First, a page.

9. So many hacks, so few days in the week to write alarming stories about every one. Every weekend, WIRED Security rounds up the security vulnerabilities and privacy updates that didn’t quite rise to our level for in-depth reporting this week, but deserve your attention nonetheless. First the big stories: The FBI has a secret fleet of planes spying on you, and they are not alone. United Airlines grounded all its planes on Monday because false flight plans were being uploaded to the flight decks. The US Senate finally passed some NSA surveillance reform in the form of the USA Freedom Act–the first of its kind since Edward Snowden revealed the extent of the Big Brother nightmare that is domestic counter-terrorism in the 21st century. Facebook decided that revealing your location in Messenger isn’t a bug; it’s a feature! A feature you can now, thankfully, opt out of. And our own Andy Greenberg demonstrated that the front lines of the gun control debate are moving closer to home, as it’s now incredibly easily to build your own untraceable guns. But there was a lot of other news this week, summarized below. To read the full story linked in each post, click on the headlines. And be safe out there! —Emily Dreyfuss Chinese Hackers Access Four Million Federal Workers’ Payroll Data Another month, another massive breach of a federal agency revealed. Hackers based in China accessed the records of four million federal workers when they hacked the Office of Payroll Management (OPM) in an attack first discovered in April. Despite the agency’s focus on payroll, it’s not clear if any data was stolen that could lead to financial fraud; no direct deposit information was accessed, according to the Washington Post. Instead, the attackers may have been seeking data useful for identifying government staffers with security clearances, potentially to target them in future “spear phishing” attacks. The Department of Homeland Security has taken credit for identifying the attack with its EINSTEIN intrusion detection system. But critics are questioning why that years-in-development system couldn’t have caught the attack earlier. The Chinese government, per usual, has denied any involvement. The OPM intrusion marks the second major federal breach revealed this year, following news that Russian hackers accessed unclassified White House networks as well as those of the State Department. — Andy Greenberg California Senate Passes Bill Requiring Warrants To Search Electronic Devices Another small victory for opponents of the all-pervasive morass of electronic surveillance, at least in one state: the California senate unanimously passed the California Electronic Communications Privacy Act, a bill requiring law enforcement to obtain a search warrant or wiretap order prior to searching smartphones, laptops, or electronic devices, or accessing information stored on remote servers. The bill will be heard by the State Assembly this summer. — Yael Grauer Skype Bug Broke App on Android, iOS and Windows It only took Skype 24 hours to fix the bug, but for a moment, messaging “http://:” (without the quotes) in chat not only made Skype crash in Windows, Android, and iOS, but would immediately crash it again after restarting when Skype downloaded chat history for the server, meaning that clearing the chat history didn’t resolve the issue. This bug trailed on the heels of the iOS glitch discovered last week that caused iPhones to crash when sent a string of characters, though users are far more likely to type in http://: by accident than they are to text the complicated string of Arabic and English characters required to crash iOS devices. Before the fix was in, Skype users could get around the bug by installing an older version of Skype, or having the sender delete the offending message. — Yael Grauer Most Macs Vulnerable to Permanent Backdooring Macs shipped prior to mid-2014 are vulnerable to an exploit that would allow an attacker to permanently control the machine, even if you reinstall OS X or reformat the drive. The vulnerability, discovered by security researcher Pedro Vilaca, allows attackers to install malicious firmware that essentially overwrites the firmware that boots up the machine right after older Macs awake from sleep. The code is installed via one of the many security vulnerabilities found in web browsers such as Safari. One way to avoid this hack is to change your computer’s default setting to deactivate sleep mode. You can also download software to detect whether an attack has taken place, though the software won’t prevent it from happening. — Yael Grauer Twitter Just Killed Politwoops The greatest Twitter account you’ve never heard of is now dead. Politwoops, an online archive of public statements made–and deleted–by U.S. politicians on Twitter, was an online transparency project started in 2012 by the Sunlight Foundation. It was created to provide a record of ways that elected officials sometimes quietly reverse their messaging. Originally, Sunlight had permission to use Twitter’s API for the project, which used a human curation workflow to analyze the tweets. But the social networking service has now reneged, citing the expectation of privacy for all accounts. Sunlight Foundation points out that elected officials shouldn’t share the same expectations of privacy as private citizens do, and that transparency leads to accountability. Now it has one fewer tool to use on that mission. — Yael Grauer Now You, Too, Can Track FBI Spy Planes As you’ve probably heard by now, the FBI is flying spy planes over American cities, and they’re registered to at least 13 fictitious companies. The specific capabilities of these planes is unclear, but they may have high-tech cameras and perhaps even cell-site simulators to scoop up massive amounts of data. Luckily, tracking the planes themselves has proven to be a bit easier than determining their capabilities. L.A.-based technologist John Wiseman used public records request for flight routes and programmed a radio receiver to intercept airplane transmissions, allowing him to identify planes flying in L.A. in real time. You can do the same, by tapping into a database of 115 spy planes that engineer Brian Abelson created by looking up registration numbers associated with planes owned by FBI front companies, as revealed by the AP. Flight information and history is available on that link, and users can analyze the data set by registering for a free account at Enigma, the data search and discovery platform where Wiseman works. — Yael Grauer Source
  10. Americans’ garages, those sacred suburban havens of automobiles and expensive tools, are probably more important to us than many of our online accounts. But some garages are only protected by a code whose security is equivalent to a two-character password. And security researcher Samy Kamkar can crack that laughable safeguard in seconds, with little more than a hacked child’s toy. On Thursday, Kamkar revealed a new tool he’s created called OpenSesame, which he says can open any garage door that uses an insecure “fixed code” system for its wireless communication with a remote. Built from a discontinued Mattel toy called the IM-ME, altered with a cheap antennae and an open source hardware attachment, Kamkar’s less-than-$100 device can try every possible combination for these garage doors and open them in seconds. “It’s a huge joke,” says Kamkar, a serial hacker who works as an independent developer and consultant. “The worst case scenario is that if someone wants to break into your garage, they can use a device you wouldn’t even notice in their pocket, and within seconds the garage door is open.” Before barricading or booby-trapping your garage against OpenSesame intruders, it’s important to note Kamkar’s exploit doesn’t work against just any garage door—only ones that respond to a “fixed code” wirelessly transmitted by a remote instead of a more secure “rolling code” that changes with every button press. And it’s not clear just how many garage doors actually use that fixed code system. Kamkar found that his own garage door, in a newly built Los Angeles condo, was vulnerable to his attack, though he couldn’t identify device’s manufacturer; the receiver in his building was hidden. When he checked the attack against two friends’ garage door openers—both made by a company called Linear owned by the parent company Nortek—it worked both times. Nortek didn’t immediately respond to WIRED’s request for comment. Another major brand of garage door opener, Genie, didn’t respond to to a request for comment either, but says on its website that its devices use rolling codes. A spokesperson for Chamberlain, the owner of the Liftmaster brand and one of the biggest sellers of garage door openers, initially told WIRED the company hasn’t sold fixed code doors since 1992. But when Kamkar dug up a 2007 manual for a Liftmaster device that seemed to use fixed codes, Chamberlain marketing executive Corey Sorice added that the company has supported and serviced older garage door openers until much more recently. “To the extent there are still operators in the market begin serviced by replacement parts, part of the objective is to get to safer and more secure products,” he said in a phone interview, using the industry term “operator” to mean a garage door opener. “We’d love to see people check the safety and security of their operators and move forward.” Kamkar has posted his own video to help people determine if their garage door is vulnerable or not. To attack fixed code garage door openers, criminals have for years used “code grabbers” that capture the code from a user’s garage door button press and replay it later to open the door. But for these vulnerable systems, Kamkar has reduced the time necessary so that it’s become practical try every possible wireless code. That means someone could walk or drive through a neighborhood, going door-to-door and trying the device until one of the vulnerable garages opens. “For code grabbers, you have to sit there and wait for the person to hit the button,” says Kamkar. “For this, [the victim] never even has to be there.” To perform his brute-force attack, Kamkar used a pre-smartphone toy called a Radica IM-ME. That chunky pink handheld device for wireless text messaging, once sold by Mattel, has been adopted by radio hackers because it’s capable of broadcasting and receiving at a broad range of frequencies. Kamkar added his own antenna to the IM-ME and used GoodFET, a tool built by well-known radio hacker Travis Goodspeed, to reprogram the IM-ME with his cracking program. The fixed-code garage door remotes Kamkar tested use at most 12 bit codes—that’s 4,096 possibilities. In modern computer security terms, that’s a trivial level of security: Kamkar calculates that a password with just two characters offers at least 5,184 possibilities. “Imagine if your bank only let you have a two character password,” Kamkar says. Using a straightforward cracking technique, it still would have taken Kamkar’s program 29 minutes to try every possible code. But Kamkar improved his attack by taking out wait periods between code guesses, removing redundant transmissions, and finally using a clever optimization that transmitted overlapped codes, what’s known as a De Bruijn sequence. With all those tweaks, he was able to reduce the attack time from 1,771 seconds to a mere eight seconds. Even so, that eight-second attack only works for a single frequency; Kamkar says he’s found four frequencies different for vulnerable garage doors he’s tested, and OpenSesame can cycle through its brute-force attack on all four frequencies in less than a minute. Kamkar has detailed OpenSesame’s attack on his website, and also published the tool’s code. But he intends it to serve as a warning, not a how-to manual. In fact, he says he’s even disabled the code so that criminals can’t use it, and wouldn’t comment on exactly how he’s crippled his exploit. That’s a rare move for Kamkar, and one that demonstrates how dangerous he believes his garage attack may be. OpenSesame is just the latest in a long string of high-profile hacks from Kamkar, who gained fame in 2007 when he launched a MySpace worm—what came to be known as the Samy worm—that added more than a million friends to his account in an hour. He’s also built a drone designed to seek out and wirelessly hijack other drones, and a 3-D printed robot that can crack Masterlock combination locks in seconds. Anyone with a garage door that still uses a fixed code system should seriously consider upgrading to a more secure rolling code receiver. But Kamkar hints he’s working on another hack that would extend his attack to rolling codes, too, though he’s not yet ready to release any details about it. If that rolling code hack turns out to be effective, there may be no such straightforward answer for garage door security. “It’s a sticky situation. I haven’t even figured out what I’m supposed to do to my own garage,” Kamkar says. “I don’t have a great solution for anyone, including myself.” Source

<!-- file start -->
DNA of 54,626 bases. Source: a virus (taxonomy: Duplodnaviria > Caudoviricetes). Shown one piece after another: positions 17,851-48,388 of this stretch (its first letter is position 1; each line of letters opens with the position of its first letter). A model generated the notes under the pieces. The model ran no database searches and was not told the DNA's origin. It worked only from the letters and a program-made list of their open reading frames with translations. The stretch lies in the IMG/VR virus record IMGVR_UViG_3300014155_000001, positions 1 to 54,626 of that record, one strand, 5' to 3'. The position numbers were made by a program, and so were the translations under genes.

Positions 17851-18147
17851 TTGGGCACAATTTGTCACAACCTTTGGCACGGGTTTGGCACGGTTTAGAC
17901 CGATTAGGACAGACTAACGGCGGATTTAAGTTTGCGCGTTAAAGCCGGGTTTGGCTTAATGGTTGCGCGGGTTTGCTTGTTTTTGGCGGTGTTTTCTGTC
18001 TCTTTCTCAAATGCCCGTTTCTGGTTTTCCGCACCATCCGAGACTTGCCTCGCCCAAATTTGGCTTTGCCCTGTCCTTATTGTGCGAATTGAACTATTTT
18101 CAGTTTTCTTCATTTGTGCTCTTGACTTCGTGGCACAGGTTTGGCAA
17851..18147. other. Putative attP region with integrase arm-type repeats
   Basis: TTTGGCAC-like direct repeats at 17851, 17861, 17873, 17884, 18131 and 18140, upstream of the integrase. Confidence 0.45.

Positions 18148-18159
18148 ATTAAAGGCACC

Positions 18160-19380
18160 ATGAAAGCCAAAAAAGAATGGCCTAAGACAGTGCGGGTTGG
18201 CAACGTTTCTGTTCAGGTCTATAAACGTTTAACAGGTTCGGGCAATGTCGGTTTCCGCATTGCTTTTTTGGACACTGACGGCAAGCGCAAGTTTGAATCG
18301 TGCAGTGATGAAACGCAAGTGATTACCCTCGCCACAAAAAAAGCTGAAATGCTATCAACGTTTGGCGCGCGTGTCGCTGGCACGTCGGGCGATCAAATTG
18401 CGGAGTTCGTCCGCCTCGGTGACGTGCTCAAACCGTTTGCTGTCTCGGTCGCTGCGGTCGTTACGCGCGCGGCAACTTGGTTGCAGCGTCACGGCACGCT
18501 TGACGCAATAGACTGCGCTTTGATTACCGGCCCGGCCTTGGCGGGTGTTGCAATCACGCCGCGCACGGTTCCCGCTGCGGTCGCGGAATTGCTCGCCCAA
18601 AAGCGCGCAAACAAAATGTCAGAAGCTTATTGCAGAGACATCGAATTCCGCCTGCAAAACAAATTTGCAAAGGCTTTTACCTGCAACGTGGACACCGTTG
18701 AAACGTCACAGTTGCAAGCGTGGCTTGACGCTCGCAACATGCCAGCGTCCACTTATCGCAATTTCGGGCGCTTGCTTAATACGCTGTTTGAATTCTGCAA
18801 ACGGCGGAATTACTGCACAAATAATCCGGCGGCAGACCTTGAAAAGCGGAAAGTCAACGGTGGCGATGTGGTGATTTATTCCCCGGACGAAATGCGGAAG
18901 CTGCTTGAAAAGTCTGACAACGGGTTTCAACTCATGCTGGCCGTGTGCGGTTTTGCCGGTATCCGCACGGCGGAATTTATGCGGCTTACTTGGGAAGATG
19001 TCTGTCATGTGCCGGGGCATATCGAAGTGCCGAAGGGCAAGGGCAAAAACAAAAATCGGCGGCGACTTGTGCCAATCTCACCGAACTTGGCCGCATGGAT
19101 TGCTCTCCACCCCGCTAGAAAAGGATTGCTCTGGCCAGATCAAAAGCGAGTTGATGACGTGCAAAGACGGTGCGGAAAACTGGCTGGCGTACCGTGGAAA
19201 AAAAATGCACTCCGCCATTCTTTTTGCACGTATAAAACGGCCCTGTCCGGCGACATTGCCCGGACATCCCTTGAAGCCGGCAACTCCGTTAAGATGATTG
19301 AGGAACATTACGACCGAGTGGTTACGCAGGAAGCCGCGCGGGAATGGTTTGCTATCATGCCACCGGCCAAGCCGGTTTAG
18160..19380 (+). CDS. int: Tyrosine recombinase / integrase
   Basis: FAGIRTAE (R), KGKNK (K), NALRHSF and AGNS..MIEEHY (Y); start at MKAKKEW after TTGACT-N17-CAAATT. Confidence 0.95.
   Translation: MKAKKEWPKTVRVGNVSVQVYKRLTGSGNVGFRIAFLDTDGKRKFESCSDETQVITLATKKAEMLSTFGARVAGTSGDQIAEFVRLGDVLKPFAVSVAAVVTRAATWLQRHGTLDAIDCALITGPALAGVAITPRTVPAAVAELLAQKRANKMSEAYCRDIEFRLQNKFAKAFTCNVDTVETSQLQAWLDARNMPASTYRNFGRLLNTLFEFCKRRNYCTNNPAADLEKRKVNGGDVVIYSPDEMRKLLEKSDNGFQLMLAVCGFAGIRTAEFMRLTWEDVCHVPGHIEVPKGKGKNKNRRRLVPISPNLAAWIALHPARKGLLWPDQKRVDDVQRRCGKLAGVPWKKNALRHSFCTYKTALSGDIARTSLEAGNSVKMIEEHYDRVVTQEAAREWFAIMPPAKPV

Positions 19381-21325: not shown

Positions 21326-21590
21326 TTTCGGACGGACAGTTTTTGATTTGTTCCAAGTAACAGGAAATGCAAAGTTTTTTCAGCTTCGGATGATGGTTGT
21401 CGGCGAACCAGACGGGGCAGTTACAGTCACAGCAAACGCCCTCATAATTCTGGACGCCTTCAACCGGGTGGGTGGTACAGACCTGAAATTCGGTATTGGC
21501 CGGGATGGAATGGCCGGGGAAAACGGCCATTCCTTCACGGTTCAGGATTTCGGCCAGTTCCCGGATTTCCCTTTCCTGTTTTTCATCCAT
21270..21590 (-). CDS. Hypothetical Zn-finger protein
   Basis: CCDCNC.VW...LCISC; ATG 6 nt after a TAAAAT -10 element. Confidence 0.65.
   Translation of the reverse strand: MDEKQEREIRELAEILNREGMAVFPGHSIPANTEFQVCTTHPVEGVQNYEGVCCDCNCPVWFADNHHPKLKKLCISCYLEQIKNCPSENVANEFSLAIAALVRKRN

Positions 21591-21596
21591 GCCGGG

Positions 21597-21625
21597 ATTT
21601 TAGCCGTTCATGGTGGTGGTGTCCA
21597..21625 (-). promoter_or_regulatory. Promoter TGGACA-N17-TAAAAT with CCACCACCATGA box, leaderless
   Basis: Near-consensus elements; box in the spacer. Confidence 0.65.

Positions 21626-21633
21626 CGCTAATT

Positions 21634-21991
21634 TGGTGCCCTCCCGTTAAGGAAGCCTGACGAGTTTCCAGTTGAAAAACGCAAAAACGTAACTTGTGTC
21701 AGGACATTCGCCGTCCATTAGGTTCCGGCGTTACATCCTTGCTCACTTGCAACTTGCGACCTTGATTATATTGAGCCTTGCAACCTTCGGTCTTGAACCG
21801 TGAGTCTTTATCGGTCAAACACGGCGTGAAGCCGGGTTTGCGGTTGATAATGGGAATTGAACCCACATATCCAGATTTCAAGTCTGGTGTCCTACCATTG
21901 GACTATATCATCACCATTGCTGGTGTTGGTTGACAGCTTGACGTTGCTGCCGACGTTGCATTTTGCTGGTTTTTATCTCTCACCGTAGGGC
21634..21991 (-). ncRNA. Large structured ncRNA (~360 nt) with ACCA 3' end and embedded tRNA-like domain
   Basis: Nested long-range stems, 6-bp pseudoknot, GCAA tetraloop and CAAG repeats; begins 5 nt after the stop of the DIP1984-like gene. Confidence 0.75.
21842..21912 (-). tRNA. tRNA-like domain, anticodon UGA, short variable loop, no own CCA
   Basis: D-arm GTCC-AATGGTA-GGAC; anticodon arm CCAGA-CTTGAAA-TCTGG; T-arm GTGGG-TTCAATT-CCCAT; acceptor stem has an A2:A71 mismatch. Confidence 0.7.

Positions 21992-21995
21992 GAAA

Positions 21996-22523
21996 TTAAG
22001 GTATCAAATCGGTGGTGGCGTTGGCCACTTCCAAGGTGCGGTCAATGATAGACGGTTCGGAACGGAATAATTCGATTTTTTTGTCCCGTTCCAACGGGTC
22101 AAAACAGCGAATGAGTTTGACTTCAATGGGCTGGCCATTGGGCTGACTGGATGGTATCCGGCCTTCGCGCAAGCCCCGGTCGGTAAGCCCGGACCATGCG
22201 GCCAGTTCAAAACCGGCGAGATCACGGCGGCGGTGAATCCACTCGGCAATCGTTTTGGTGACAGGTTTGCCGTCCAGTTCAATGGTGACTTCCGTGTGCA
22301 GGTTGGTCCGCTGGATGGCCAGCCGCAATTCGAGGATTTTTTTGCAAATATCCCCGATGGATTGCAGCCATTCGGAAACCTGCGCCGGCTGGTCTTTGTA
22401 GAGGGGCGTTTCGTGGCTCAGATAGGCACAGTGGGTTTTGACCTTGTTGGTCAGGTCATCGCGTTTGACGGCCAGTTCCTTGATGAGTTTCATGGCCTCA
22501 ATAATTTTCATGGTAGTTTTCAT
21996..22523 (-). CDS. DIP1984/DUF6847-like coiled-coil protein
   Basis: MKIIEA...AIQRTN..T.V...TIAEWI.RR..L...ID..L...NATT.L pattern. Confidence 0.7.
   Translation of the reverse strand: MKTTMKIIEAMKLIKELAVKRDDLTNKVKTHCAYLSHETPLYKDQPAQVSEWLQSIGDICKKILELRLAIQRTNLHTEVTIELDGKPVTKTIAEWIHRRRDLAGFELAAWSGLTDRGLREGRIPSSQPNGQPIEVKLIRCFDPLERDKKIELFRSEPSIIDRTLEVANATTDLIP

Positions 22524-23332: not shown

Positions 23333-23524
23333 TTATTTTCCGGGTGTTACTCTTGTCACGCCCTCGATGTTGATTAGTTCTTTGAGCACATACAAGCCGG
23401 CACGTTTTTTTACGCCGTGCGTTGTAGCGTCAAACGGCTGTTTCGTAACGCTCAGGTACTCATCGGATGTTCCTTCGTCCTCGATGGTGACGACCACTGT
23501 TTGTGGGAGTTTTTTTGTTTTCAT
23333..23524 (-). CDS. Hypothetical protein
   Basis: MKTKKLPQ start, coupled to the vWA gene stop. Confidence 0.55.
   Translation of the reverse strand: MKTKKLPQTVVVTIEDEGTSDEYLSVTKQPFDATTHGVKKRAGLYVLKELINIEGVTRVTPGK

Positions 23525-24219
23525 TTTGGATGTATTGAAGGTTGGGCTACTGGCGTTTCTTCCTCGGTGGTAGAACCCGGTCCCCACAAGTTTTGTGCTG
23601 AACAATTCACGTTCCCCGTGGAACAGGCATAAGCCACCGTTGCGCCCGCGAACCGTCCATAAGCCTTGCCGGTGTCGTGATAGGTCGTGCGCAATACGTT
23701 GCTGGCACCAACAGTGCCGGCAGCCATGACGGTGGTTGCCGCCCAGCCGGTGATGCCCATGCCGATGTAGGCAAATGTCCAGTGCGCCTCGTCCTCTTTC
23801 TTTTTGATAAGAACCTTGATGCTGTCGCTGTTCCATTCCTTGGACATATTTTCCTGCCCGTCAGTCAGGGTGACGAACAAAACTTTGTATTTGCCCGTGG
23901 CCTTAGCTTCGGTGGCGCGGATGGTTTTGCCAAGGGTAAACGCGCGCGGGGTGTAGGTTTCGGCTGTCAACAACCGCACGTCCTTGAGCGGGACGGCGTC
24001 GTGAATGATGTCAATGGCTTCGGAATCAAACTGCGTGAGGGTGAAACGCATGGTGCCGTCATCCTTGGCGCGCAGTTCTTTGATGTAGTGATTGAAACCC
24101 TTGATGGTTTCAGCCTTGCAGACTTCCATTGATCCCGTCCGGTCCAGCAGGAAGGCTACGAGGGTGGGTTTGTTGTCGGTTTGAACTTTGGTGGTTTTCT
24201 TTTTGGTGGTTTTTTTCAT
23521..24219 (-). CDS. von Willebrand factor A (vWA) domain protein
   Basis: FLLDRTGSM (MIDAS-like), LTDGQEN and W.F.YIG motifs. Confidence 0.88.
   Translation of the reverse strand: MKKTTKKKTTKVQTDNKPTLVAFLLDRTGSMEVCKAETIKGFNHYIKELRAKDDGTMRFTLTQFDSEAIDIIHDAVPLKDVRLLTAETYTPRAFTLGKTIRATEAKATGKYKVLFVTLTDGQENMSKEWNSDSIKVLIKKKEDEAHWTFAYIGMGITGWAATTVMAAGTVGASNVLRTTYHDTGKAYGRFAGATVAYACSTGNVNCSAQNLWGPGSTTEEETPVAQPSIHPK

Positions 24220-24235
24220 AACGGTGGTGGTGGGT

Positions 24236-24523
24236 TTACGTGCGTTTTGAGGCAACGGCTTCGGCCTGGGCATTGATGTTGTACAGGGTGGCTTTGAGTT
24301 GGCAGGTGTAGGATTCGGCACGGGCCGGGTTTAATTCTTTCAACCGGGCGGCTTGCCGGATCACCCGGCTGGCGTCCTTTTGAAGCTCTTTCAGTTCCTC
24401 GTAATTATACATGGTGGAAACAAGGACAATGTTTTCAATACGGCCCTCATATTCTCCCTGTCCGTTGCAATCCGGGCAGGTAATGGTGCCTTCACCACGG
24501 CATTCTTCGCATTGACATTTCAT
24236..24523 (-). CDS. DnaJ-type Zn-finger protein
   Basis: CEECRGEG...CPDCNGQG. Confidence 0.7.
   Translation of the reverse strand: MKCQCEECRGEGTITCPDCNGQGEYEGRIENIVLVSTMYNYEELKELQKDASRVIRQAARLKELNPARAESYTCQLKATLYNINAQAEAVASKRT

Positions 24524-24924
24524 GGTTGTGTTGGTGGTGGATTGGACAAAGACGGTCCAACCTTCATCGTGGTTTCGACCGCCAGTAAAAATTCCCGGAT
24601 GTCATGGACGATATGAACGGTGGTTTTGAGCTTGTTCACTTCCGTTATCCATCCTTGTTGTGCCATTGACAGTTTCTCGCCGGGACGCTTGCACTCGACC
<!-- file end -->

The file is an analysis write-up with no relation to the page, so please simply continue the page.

11. Intra pe shodan.io scrie "Seagate Central" si incearca exploitul asta pe toate si ti-ai facut rost de shelluri.
  12. Pai din moment ce vorbea cu prietena lui nu cred ca ii trebuia sa cripteze conversatia, poate iubita lui nu era asa "desteapta" pe calculator ca si el, logurile puteau fi luate contactand yahoo/skype or ce shit folosea el, sau dupa ce a fost prins i-a verificat convorbirile edit #1: Poate ca era pe un wifi public si i-a fost interceptat trafficul sau poate avea vrun virus prin pc.